Editor’s note: Jim Shamp, director of public relations for the N.C. Biotechnology Center, reached out to The Wall Street Journal after a recent story warned that the deadly “chikungunya” virus is headed for the U.S. A Raleigh firm – Arbovax – could have a solution, he said. He’s frustrated that national media isn’t reporting on what Arbovax is doing. WRALTechWire suggested that he write a blog about what occurred. He did. We reprint it in full.

RESEARCH TRIANGLE PARK, N.C. – The attack of the chikungunya ogre could augur well for Arbovax.

Say that three times fast. Then tell somebody I told you so.

Chikungunya (pronounced chicken-GOON-ya) is a mosquito-borne African virus that causes debilitating illness in humans. Arbovax is a Raleigh biotech company developing a vaccine to stop it.

It, plus about 200 other nasty skeeter-carried viruses, including dengue fever and West Nile.

Sadly for United States citizens, chikungunya, West Nile and dengue are all moving onto our shores and across our borders with increasing ferocity. These invasions have been the subject of numerous news stories in the national media recently, including a major alert by Wall Street Journal reporter Cameron McWhirter just in the past week.

Sadly for North Carolina citizens, this report, like most, included no mention of the amazing platform technology spun out of North Carolina State University by Arbovax – an approach that offers significant promise to tackle these major health threats.

The non-profit state-funded North Carolina Biotechnology Center has provided funding and other support to Arbovax. NCBiotech has also published numerous stories about it on its website. Still, this young company with global significance is routinely overlooked by the national press.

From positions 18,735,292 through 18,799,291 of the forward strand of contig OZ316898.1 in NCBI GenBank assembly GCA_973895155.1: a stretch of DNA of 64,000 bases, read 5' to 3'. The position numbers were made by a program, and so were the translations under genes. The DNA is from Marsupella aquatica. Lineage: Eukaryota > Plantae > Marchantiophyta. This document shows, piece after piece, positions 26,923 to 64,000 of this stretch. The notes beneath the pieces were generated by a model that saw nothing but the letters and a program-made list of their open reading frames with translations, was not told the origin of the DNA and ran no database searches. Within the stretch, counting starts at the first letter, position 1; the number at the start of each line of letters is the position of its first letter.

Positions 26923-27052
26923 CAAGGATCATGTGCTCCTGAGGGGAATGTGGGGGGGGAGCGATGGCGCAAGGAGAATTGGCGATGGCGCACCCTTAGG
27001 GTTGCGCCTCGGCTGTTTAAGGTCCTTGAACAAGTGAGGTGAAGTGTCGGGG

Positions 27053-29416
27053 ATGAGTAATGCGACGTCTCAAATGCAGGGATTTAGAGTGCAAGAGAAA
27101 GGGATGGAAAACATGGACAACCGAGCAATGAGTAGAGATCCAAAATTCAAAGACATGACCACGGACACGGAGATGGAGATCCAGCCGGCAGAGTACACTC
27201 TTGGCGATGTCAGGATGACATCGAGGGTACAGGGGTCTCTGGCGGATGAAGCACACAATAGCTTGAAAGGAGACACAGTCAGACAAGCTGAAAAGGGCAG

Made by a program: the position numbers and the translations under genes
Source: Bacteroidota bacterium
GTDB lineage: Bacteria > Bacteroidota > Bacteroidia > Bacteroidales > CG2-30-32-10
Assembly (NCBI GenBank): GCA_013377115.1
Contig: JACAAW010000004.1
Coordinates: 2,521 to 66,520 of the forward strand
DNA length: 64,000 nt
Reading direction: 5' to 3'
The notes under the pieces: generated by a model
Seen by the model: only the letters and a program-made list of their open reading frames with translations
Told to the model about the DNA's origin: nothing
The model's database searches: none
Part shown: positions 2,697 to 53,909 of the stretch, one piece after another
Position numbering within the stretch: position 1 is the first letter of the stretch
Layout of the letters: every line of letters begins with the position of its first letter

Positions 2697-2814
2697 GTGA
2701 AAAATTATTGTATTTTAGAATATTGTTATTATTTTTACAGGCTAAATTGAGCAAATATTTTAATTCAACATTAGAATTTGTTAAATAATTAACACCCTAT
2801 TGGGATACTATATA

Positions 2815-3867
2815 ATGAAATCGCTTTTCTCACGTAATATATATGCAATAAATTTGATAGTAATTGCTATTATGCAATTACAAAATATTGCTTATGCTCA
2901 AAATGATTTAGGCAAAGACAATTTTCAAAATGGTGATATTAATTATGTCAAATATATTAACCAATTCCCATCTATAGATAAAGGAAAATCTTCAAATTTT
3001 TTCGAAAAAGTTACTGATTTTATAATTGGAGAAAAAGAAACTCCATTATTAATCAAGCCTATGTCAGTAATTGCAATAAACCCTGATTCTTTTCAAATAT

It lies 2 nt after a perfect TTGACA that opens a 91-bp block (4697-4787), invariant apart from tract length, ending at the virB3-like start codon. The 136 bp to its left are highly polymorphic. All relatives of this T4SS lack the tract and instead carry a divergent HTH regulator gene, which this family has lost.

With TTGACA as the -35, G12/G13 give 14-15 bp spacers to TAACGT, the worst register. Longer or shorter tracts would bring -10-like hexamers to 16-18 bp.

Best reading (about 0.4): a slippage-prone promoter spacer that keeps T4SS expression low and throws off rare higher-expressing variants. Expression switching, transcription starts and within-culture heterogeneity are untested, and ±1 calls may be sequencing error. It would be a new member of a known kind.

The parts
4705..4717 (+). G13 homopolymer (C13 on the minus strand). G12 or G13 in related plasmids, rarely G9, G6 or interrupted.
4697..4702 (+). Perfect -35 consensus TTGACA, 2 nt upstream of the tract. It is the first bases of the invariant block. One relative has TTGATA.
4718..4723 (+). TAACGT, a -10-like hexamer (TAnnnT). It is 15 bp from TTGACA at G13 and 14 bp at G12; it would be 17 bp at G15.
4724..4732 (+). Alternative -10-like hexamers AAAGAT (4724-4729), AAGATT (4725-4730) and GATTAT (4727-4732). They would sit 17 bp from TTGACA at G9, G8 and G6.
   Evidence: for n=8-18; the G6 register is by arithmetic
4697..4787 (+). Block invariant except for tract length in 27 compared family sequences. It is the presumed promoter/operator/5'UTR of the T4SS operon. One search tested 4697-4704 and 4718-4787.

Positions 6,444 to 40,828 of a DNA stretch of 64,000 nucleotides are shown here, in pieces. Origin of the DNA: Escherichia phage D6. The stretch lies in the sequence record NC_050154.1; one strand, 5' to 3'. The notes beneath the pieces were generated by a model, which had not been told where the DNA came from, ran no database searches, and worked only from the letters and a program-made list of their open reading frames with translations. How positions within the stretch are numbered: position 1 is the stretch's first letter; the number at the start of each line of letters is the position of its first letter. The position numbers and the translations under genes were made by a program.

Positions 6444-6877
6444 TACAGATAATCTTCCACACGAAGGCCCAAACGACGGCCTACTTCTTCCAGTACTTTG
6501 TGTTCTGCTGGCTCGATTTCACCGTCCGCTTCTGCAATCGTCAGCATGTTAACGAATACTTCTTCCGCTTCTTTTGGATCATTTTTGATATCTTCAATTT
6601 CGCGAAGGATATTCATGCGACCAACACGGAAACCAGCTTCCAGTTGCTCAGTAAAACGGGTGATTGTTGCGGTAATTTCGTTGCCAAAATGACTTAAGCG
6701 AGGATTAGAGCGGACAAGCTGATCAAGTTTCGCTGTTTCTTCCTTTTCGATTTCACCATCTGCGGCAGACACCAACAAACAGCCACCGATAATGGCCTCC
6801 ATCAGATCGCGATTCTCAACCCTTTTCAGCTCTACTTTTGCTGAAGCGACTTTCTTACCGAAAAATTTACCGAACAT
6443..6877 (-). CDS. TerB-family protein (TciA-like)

Maybe Arbovax CEO Malcolm Thomas’ phone isn’t ringing because Arbovax is still a privately held company, so the chikungunya invasion in the Caribbean is only dropping people, not raising stock prices.

But the fact remains, Arbovax deserves attention. There is no other vaccine or cure for these diseases.

As McWhirter reported in the Wall Street Journal article, “Officials in Florida, Louisiana and as far north as New Jersey are preparing for potential outbreaks. The mosquito abatement district of Louisiana’s St. Tammany Parish, north of New Orleans, has budgeted funds for extra mosquito spray, airplanes and helicopters, and plans to coordinate volunteers who, in the event of an outbreak, will go door-to-door to search for mosquito breeding areas in open pools of water.”

The Pan American Health Organization, a regional division of the World Health Organization, reported 2,238 cases of chikungunya in the Caribbean by Feb. 21– from Martinique to the British Virgin Islands. And the U.S. Centers for Disease Control and Prevention has published warnings to health care providers to watch for patients showing symptoms. Those include fever, nausea, rashes and sometimes extremely painful joints and headaches.

Some more funding support for Arbovax, along with accelerated review by the U.S. Food and Drug Administration, could be much less expensive and far more useful than aerial spraying of thousands of acres of wetlands.

These virus-laden mosquitoes are coming to a yard near you. It bugs me that the Arbovax story isn’t going viral.

(C) N.C. Biotechnology Center